Title: Building up

Pages: 39-31


Author: Richard Carr

Text: Building up

Building, increasingly understood as a multi-professional occupation, often depends for success as much on components and finishes as on concepts. At this month's Building Exhibition the emphasis will be on components; here we put the along side systems and a couple of end products

Truly flexible housing?

Richard Carr discusses a housing system developed by student sat the AA and backed b the GLC which should provide tenants with the ability to plan their own rooms and later change them at will

Stamford Hill in North London has been chosen as the site for one of the most exciting experiments in council housing since the war - an experiment which may at last fulfil the architect's dream of industrialised housing which is truly flexible. Developed by a small group of students at the Architectural Association, backed by the GLC and involving development work by two large manufacturing companies, the experiment is called PSSHAK- Primary System Support for Housing and Assembly Kits. It takes its inspiration from an experiment in flexible interiors originally carried out by a group of architects called SAR (Stichting Architecten Research) in Rotterdam, where they built a block of flats with movable walls. The idea was that, by moving the walls, the shape of the rooms - and indeed the whole layout of the interior - could be altered by the occupants to meet the demands of changing circumstances. The same idea applies to PSSHAK, where it has been taken to its logical conclusion so that, first, the system allows a variety of flat sizes to be built in two or three storey blocks; second, it makes it possible for the tenants to plan the internal layout of a particular flat before they move into it; and third, it allows them to rearrange the room spaces during the course of their tenancy. It is also possible to rearrange the positioning of the flats themselves, though one doubts if this will ever be done.

Basically PSSHAK consists of a concrete frame for the building, developed by Concrete Ltd. which supports the floors, external walls and roof, and contains within it a number of vertical columns carrying the main services. These, in fact, fix the location of bathrooms and kitchens and are the only inflexible part of the whole system. Once the frame has been erected the external wall panels can be fitted to suit any arrangement - using concrete brick or timber in fill panels and window openings as required, and door or trench window panels where flats on a higher floor are set back from those on the floor below to provide balconies. Similarly, within the framework of the building. either permanent or semi-permanent panels are then erected to divide the flats, and the system includes flow analyses to give guidance on the layout of different floors to cope with access, movement within the building and the constraints imposed by the service columns.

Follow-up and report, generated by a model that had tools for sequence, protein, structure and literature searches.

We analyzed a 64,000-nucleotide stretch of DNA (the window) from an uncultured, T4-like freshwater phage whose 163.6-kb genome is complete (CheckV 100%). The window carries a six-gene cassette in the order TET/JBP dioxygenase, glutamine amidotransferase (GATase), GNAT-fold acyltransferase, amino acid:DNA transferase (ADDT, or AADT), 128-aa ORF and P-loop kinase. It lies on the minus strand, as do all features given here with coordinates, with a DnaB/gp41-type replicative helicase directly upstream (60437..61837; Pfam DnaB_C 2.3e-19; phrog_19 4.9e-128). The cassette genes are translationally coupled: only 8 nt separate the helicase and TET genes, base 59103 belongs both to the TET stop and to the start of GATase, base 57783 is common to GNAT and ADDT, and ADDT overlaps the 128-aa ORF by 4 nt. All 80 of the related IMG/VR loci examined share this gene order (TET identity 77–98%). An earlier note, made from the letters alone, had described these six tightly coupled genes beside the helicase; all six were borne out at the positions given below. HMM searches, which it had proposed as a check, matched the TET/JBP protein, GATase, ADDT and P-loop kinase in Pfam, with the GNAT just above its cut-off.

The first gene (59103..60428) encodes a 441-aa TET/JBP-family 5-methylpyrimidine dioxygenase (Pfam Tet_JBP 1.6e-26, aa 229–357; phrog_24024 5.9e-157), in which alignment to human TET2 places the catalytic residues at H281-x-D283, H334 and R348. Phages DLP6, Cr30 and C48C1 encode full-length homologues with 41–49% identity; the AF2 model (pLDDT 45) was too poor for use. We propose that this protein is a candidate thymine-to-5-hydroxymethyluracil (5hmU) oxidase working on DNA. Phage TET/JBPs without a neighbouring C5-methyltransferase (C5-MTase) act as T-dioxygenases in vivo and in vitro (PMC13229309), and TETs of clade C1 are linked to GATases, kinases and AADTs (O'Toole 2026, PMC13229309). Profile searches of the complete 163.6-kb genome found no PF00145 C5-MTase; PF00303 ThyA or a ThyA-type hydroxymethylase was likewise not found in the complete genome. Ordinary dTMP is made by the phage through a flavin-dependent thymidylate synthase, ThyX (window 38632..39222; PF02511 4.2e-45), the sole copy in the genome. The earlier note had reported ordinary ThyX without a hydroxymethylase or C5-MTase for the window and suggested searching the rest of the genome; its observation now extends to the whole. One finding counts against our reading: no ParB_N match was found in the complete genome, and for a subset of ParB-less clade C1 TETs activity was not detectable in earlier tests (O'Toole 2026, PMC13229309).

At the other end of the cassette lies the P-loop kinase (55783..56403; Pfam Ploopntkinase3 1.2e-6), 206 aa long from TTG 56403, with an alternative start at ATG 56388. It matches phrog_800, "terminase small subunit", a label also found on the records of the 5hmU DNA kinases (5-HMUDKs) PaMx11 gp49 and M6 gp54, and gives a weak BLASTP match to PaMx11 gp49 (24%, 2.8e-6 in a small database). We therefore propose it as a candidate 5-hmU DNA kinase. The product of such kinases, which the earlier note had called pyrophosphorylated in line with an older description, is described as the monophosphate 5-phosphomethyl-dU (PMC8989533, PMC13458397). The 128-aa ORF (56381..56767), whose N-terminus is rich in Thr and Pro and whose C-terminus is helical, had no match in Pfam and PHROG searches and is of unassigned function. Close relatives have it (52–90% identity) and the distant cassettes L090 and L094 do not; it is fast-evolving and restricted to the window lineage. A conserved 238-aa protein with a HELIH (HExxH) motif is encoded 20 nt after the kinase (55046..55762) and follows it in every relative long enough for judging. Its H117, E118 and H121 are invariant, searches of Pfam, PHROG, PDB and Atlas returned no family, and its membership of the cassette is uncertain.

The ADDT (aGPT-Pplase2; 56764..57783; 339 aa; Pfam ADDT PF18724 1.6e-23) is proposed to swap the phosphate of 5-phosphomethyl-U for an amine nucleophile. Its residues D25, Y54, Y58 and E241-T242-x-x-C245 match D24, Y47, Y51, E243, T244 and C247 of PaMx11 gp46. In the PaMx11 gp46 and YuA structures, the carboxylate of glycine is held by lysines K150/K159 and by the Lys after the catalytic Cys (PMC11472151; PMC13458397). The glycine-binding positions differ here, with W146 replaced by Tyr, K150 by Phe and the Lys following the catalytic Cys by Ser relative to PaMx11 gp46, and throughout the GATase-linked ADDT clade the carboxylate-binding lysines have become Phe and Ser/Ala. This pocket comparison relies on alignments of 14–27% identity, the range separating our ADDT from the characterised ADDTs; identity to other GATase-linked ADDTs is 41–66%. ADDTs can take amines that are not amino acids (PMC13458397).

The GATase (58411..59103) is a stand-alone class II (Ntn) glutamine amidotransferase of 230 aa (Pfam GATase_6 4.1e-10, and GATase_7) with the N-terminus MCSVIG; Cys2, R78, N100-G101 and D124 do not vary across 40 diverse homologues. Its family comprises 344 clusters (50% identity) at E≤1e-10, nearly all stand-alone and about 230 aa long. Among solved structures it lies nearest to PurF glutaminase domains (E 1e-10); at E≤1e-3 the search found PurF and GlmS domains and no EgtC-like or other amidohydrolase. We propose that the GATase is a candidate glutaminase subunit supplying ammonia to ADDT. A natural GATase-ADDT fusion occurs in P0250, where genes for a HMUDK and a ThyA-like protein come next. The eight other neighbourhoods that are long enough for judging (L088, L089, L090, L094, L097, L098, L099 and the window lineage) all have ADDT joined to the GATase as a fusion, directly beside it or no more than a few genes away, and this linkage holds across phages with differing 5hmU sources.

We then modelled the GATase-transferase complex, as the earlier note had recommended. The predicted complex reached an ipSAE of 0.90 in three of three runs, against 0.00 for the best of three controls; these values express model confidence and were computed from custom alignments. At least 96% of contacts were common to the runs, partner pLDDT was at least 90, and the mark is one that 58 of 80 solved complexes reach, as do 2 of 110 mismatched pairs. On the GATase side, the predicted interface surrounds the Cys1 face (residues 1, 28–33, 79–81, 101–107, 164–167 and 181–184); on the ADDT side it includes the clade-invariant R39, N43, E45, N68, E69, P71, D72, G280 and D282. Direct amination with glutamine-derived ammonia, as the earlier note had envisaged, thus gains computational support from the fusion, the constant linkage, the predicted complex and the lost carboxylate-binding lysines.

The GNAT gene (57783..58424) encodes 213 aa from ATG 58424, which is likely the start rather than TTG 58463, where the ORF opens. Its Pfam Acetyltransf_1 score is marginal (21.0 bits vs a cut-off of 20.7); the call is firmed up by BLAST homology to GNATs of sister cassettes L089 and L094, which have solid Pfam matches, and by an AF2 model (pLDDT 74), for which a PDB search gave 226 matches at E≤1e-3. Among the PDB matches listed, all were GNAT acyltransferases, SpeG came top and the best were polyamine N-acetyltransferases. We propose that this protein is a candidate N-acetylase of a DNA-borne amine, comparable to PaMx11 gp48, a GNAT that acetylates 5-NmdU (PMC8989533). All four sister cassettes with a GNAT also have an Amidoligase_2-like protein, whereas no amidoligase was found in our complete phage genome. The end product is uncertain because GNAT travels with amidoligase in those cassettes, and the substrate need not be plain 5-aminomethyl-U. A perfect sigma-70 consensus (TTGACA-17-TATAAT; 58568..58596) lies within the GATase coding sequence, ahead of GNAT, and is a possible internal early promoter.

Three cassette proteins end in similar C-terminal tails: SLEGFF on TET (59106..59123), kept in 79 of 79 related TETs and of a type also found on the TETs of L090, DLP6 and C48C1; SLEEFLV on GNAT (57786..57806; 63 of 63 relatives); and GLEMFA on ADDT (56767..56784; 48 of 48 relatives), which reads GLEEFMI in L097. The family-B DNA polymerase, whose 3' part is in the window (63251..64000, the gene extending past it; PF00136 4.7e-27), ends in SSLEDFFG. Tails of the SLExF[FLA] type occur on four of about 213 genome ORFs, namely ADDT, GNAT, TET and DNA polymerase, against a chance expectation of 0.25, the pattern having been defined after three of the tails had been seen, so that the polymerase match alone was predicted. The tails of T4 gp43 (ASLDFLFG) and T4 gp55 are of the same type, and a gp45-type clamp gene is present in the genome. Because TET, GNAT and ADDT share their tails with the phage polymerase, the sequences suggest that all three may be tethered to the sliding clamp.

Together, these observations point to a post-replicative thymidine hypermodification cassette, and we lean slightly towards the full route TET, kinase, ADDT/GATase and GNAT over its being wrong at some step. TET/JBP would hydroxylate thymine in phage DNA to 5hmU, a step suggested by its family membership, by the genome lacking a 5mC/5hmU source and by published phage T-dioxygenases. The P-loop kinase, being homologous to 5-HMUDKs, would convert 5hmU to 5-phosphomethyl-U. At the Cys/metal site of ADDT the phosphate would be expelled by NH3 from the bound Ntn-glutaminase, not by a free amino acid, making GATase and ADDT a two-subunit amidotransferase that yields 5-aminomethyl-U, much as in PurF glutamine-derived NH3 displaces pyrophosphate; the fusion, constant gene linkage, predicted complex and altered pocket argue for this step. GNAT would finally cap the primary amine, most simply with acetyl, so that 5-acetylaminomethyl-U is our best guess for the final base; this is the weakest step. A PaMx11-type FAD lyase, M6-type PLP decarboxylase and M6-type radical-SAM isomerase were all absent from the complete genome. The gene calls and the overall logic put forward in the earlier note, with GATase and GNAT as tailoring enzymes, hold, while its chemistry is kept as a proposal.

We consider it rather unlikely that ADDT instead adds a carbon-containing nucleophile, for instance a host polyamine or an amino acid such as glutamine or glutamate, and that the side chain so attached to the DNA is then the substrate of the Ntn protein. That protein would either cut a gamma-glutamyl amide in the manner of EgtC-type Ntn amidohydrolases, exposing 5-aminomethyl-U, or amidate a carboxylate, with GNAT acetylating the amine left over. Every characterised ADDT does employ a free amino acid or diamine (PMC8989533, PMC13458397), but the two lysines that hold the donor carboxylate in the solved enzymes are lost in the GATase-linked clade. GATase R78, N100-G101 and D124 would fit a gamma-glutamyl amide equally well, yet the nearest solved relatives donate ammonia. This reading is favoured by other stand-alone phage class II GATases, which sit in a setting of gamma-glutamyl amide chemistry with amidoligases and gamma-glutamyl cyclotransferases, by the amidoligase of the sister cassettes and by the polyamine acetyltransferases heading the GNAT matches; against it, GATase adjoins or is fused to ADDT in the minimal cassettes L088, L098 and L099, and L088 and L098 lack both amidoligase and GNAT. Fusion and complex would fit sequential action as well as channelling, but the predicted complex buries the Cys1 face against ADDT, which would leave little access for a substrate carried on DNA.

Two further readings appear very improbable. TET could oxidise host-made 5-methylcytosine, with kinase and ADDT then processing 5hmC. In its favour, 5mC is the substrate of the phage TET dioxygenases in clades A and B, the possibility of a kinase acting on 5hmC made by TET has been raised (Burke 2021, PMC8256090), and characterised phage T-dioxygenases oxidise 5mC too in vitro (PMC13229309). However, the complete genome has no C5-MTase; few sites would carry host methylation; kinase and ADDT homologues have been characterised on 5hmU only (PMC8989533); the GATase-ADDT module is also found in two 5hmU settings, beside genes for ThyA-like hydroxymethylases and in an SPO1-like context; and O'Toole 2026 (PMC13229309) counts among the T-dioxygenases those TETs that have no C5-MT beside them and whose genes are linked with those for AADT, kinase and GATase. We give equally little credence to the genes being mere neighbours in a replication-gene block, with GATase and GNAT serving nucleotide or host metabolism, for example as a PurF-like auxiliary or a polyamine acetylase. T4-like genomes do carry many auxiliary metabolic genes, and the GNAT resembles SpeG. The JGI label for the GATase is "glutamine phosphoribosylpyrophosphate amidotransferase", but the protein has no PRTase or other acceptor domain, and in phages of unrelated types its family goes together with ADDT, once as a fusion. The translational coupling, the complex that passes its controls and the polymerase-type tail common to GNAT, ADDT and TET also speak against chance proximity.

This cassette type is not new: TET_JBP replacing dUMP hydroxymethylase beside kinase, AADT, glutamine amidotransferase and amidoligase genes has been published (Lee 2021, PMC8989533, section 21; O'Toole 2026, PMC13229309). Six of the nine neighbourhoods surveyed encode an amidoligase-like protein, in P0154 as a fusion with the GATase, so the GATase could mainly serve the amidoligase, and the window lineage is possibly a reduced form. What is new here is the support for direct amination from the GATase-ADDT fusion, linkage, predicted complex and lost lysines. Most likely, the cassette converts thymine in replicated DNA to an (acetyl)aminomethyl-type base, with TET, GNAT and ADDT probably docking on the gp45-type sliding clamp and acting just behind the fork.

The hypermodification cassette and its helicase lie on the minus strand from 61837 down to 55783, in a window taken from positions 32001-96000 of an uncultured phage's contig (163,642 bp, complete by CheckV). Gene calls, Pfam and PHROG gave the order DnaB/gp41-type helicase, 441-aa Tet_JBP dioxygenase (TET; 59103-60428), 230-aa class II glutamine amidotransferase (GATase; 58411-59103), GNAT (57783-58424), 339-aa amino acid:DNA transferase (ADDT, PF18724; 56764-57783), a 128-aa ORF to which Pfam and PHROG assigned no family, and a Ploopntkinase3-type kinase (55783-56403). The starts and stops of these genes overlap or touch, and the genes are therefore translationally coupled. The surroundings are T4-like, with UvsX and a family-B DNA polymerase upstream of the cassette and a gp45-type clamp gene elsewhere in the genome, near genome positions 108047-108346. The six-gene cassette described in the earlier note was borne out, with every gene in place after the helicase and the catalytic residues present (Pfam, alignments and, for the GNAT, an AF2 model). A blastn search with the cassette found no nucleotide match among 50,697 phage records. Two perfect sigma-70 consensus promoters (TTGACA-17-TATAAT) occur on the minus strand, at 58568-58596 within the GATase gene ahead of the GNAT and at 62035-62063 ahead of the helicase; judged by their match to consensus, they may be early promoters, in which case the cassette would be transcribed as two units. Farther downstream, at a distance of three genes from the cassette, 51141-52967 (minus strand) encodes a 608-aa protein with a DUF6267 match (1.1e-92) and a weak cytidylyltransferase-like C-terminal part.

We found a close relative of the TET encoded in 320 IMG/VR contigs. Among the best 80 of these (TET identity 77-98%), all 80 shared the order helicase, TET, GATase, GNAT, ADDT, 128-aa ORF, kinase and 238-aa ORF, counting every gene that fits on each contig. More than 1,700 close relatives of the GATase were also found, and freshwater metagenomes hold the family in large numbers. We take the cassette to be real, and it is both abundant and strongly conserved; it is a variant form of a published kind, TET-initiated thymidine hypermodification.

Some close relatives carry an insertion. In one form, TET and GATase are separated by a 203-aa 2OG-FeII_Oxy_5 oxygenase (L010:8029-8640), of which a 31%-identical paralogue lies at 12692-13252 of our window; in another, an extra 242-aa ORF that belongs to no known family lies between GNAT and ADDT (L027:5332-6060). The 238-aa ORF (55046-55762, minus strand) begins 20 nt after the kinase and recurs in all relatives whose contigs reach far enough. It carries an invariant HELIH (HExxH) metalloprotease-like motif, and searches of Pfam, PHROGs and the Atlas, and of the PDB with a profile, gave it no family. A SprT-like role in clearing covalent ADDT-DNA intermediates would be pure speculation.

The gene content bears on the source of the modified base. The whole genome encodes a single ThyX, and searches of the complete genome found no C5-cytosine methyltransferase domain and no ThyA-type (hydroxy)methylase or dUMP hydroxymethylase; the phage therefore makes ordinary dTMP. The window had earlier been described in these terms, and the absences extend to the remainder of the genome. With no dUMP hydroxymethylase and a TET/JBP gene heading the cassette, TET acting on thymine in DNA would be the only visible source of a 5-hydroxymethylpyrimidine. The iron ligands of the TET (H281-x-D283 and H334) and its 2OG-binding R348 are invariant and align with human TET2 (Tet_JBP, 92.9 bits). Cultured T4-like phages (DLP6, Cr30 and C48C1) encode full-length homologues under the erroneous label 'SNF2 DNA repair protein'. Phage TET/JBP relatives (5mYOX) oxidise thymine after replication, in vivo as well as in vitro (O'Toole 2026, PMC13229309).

Once the flats have been divided off, Nabeel Hamdi and Nicholas Wilkinson (who designed the system with help from a young economist, Jon Evans), hope that prospective tenants will be called in to plan their flats, using a model which will also help them to understand how the internal wall panels work. These are the result of a development programme carried out by the architects working with Duport Industries Ltd. which began with the architects providing a list of dimensional and performance requirements and the costs of traditional partitioning - including brickwork, blockwork and industrialised panels. The target set for the PSSHAK panels was that they should cost no more than 3 per sq yd. From this Duport prepared a detailed questionnaire, seeking clarification on who would install the panels, how


Above exploded view of a PSSHAK apartment showing the fixed outside walls with spaces for windows, a french door or infill panels, and the flexible panels inside that can be used for both walls and cupboards. The interior contains a number of fixed columns, some of which carry services. The drawing a/so shows a kitchen, bathroom and other storage units designed as an integral part of the system